Clearly, the new parliament is made up of personalities who may be considered to be standing within the PKK’s sphere of influence. The absence of any representative of the other Kurdish political parties, such as Kemal Burkay’s Kurdistan Socialist Party, is a serious shortcoming. Apparently, the KSP and the other Kurdish parties were invited to join the parliament once almost everything had been set up, and they politely declined to sanction what was all but an “accomplished fact”. However, such as it is, this assemby represents an effort by Abdulla Ocalan to widen his movement’s political basis.
“This parliament in exile is a first step towards the creation of a national parliament”, said Ali Garzan, PKK representative in Europe. “Our aim is not to remain in exile but to go back to Kurdistan and to set up a Kurdish national parliament that will represent all Kurds and form a government”. Despite the fact that he spent almost half his life in Turkish jails (born in 1957, he was jailed for 16 years, from 1977 until the end of 1993) Ali Garzan is a soft spoken person who convincingly explains why the Kurds were forced to create this parliament in exile: “We, the Kurds have no rights in Turkey”, he says: “Look at what happened to the DEP deputies, they hardly spoke about the Kurdish rights when they were members of the Turkish parliament, but they are in jail”!
Ali Sapan, PKK spokesman for Europe, and now deputy speaker of the new parliament in exile, confirmed his conviction that there is “a difference between a party and a people... The people altogether must be represented through all its components”, he stated. “In international diplomacy, the Kurdish people will from now on have an address, which is: “Kurdish parliament in exile, avenue Louise, Brussels”. “This parliament will take important decisions, such as deciding whether or not to implement a cease-fire... It is also going to be active in the economic field”.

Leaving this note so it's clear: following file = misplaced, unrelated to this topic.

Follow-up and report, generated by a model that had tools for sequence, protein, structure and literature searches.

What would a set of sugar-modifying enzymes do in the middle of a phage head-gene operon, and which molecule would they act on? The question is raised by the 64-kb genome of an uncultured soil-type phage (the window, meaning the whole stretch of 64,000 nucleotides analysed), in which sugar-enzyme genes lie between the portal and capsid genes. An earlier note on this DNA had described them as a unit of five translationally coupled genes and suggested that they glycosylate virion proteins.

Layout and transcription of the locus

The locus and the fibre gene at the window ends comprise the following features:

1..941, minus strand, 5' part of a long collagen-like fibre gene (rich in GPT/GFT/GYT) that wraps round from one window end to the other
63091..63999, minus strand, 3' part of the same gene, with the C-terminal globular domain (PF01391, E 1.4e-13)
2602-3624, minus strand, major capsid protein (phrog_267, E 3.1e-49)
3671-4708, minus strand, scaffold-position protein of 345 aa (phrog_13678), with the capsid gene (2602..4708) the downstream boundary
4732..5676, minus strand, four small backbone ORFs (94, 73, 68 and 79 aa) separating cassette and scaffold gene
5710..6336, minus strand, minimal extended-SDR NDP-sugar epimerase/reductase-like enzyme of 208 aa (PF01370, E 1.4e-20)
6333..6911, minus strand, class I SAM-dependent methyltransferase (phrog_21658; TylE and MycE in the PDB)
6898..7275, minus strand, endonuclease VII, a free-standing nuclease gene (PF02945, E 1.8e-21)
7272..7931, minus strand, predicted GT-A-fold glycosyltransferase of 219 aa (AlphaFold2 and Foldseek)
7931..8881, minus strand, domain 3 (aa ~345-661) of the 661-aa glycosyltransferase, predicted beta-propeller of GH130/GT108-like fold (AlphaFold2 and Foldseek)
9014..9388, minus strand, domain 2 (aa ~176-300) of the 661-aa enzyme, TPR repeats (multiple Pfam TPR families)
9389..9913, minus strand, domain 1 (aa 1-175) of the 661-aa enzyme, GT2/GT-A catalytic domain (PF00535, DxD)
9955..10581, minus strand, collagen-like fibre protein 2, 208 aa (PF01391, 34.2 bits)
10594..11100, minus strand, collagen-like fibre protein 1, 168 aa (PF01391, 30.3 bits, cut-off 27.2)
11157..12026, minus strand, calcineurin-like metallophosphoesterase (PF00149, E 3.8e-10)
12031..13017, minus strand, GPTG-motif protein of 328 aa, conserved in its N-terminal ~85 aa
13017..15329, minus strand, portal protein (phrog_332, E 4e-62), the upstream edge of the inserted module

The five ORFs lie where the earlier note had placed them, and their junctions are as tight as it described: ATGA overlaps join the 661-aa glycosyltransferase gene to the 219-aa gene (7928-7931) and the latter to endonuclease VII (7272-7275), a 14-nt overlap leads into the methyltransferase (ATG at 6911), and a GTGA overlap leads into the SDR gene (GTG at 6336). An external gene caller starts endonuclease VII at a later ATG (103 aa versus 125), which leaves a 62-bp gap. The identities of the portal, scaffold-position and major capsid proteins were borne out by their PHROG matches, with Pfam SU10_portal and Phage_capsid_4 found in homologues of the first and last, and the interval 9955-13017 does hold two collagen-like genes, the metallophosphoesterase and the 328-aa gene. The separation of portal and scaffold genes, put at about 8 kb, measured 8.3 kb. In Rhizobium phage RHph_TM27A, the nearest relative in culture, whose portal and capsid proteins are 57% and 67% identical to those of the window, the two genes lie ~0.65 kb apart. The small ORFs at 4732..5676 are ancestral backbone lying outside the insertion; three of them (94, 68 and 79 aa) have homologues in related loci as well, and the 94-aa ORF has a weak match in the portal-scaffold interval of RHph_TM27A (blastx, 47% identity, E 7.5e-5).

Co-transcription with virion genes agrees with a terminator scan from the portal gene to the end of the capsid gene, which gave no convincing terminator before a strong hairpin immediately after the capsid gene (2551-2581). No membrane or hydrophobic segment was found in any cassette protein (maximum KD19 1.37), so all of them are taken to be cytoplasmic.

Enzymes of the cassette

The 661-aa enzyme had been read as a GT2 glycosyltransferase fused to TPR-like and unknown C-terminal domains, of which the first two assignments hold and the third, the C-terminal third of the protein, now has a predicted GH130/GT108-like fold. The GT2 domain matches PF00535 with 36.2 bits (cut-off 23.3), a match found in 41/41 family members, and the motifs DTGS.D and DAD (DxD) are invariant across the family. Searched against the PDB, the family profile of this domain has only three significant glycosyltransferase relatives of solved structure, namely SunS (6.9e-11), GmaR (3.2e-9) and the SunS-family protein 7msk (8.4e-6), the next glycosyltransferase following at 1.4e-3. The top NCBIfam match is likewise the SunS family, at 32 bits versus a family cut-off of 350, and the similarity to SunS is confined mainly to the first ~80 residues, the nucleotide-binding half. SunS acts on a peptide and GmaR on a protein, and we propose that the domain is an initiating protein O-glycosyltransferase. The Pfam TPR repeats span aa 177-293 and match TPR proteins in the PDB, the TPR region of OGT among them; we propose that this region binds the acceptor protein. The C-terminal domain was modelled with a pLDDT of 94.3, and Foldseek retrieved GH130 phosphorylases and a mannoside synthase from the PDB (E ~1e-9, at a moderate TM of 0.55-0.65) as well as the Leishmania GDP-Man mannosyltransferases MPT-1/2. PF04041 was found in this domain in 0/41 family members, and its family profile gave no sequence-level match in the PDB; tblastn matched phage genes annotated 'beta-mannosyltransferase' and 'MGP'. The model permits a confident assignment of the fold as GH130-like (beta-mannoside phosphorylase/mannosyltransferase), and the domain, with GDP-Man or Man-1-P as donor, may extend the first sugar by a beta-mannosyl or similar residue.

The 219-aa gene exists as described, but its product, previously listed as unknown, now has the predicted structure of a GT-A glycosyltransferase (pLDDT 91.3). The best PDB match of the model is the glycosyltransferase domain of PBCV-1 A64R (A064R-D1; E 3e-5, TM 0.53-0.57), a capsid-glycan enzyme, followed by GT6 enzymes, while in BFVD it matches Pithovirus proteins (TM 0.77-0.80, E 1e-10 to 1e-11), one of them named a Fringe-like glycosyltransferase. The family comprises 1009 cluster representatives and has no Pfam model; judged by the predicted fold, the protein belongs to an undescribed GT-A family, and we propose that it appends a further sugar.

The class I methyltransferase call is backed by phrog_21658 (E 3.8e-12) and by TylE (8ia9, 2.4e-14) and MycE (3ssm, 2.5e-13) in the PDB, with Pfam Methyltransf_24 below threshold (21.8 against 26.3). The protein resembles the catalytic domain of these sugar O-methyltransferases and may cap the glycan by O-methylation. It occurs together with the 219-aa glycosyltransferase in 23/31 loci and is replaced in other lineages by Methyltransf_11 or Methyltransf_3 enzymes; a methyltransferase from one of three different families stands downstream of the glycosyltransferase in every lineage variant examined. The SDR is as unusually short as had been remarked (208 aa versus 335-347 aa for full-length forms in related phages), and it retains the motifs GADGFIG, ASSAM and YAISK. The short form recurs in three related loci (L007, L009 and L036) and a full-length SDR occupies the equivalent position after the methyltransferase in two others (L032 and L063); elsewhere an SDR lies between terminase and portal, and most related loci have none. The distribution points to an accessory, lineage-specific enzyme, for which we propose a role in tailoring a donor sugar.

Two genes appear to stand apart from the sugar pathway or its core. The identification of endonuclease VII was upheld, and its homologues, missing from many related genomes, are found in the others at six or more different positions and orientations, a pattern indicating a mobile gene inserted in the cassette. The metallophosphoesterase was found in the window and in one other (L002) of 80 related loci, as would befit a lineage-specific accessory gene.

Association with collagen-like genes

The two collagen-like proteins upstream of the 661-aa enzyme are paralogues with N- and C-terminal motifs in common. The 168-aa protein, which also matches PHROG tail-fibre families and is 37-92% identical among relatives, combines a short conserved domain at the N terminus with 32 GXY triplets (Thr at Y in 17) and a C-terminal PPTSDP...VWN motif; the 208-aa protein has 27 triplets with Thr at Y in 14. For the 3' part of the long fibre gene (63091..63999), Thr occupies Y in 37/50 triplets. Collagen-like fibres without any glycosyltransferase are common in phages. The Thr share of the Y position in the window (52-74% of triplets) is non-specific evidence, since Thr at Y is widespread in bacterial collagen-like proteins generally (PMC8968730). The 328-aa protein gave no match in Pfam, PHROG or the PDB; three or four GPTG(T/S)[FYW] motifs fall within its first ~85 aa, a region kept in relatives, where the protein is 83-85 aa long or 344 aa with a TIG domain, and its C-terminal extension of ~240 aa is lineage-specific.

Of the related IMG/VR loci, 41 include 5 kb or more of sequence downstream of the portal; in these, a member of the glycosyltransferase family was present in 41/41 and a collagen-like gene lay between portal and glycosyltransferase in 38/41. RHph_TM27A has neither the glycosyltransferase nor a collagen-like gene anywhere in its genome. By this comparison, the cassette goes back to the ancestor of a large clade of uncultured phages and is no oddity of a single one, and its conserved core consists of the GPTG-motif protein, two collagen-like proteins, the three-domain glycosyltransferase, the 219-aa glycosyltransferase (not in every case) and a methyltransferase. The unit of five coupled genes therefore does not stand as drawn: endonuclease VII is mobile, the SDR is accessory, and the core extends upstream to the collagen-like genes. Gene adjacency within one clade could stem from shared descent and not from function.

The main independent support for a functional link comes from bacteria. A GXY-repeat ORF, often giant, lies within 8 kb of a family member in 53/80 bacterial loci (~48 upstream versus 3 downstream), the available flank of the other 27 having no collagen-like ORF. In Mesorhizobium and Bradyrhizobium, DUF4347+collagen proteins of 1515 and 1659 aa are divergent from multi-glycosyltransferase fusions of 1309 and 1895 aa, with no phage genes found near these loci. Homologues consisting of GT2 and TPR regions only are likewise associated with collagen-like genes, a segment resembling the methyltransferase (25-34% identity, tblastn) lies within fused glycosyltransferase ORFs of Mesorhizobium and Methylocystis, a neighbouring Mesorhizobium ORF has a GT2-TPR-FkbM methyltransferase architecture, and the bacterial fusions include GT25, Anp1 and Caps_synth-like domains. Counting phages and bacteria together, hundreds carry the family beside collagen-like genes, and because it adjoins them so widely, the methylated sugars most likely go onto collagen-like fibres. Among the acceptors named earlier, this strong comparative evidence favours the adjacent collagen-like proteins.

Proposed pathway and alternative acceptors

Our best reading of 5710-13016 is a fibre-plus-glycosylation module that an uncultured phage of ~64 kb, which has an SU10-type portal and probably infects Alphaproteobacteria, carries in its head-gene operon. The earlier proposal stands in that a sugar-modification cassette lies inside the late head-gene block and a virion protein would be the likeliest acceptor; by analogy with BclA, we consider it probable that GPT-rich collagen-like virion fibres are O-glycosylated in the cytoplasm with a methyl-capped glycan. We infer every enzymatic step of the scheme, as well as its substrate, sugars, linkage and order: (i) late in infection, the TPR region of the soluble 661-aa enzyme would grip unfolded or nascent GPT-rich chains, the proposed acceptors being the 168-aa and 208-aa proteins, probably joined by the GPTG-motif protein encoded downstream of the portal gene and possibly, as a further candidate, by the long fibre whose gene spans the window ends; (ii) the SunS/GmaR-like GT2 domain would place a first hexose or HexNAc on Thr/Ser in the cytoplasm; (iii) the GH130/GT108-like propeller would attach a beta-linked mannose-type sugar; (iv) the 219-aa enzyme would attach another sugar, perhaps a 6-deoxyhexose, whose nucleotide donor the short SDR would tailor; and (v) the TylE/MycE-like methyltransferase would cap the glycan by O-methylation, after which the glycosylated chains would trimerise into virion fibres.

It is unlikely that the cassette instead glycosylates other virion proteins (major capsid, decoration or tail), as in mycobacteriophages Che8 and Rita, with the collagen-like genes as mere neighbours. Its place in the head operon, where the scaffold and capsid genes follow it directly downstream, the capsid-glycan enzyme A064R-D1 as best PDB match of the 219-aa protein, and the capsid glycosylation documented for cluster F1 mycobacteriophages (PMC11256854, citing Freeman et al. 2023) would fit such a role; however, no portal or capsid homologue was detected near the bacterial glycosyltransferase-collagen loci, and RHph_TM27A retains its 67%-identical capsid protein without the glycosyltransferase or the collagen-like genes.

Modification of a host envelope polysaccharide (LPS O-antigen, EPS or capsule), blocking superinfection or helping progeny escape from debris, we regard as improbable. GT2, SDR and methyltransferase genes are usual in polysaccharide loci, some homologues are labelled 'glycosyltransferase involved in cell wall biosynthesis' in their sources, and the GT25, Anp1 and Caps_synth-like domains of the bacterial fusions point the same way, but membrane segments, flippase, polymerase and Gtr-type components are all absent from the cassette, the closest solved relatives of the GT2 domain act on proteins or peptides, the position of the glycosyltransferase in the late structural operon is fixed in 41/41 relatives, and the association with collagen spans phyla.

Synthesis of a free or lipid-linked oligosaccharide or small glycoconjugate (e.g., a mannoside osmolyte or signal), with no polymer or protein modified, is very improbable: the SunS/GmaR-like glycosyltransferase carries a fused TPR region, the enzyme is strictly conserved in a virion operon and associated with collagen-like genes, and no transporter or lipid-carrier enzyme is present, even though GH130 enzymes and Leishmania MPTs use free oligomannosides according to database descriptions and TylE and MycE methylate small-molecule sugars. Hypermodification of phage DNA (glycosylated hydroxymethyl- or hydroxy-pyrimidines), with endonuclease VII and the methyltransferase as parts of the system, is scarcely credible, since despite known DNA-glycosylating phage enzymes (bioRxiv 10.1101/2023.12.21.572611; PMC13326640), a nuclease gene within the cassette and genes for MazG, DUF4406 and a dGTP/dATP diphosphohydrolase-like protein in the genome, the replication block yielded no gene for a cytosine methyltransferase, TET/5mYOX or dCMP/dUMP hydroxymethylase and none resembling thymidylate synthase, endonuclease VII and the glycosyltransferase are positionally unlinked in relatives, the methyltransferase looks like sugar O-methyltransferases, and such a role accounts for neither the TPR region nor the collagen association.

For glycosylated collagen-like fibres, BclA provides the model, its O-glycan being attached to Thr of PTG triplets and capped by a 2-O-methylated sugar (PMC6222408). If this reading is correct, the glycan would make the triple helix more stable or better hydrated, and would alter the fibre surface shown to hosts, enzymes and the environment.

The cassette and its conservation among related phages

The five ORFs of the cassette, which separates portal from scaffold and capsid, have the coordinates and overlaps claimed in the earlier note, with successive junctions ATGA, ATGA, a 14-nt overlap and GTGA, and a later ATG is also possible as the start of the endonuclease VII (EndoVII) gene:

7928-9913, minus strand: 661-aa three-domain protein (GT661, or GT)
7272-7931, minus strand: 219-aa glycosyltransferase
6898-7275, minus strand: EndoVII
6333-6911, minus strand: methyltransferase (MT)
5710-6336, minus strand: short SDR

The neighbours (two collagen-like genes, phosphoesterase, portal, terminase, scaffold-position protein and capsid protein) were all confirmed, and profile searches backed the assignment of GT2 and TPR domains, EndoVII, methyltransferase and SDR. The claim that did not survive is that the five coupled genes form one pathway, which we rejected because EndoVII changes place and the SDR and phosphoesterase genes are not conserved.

When asked how the parliament in exile could claim to take any economic decision, Ali Sapan answered: “Look, I am going to confide this piece of news: I personally have already met representatives of the World Bank to talk about the pipe-line project to export Azerbaidjan’s oil through Turkey. I told them that they should get our agreement for this project, if they want to build a pipeline through Kurdistan. If they don’t get it, we shall prevent it”....
Ali Sapan and his friends know that Turkey will reject the “parliament in exile” just as they forbid any form of Kurdish association. “But we shall ask them: with whom do you want to talk? Is there anybody who can represent the Kurdish people? If they want to solve the Kurdish question, they must get in touch with this parliament... if not, we will do everything necessary to make them change their mind”. It is clear that the uproar raised in Europe by the Turkish invasion of Iraqi Kurdistan last March facilitates their task.
(The Middle East magazine, June 1995)
Droits de Reproduction strictement réservés © Chris Kutschera 2012
(work in progress)
Cherif Ali, Iraq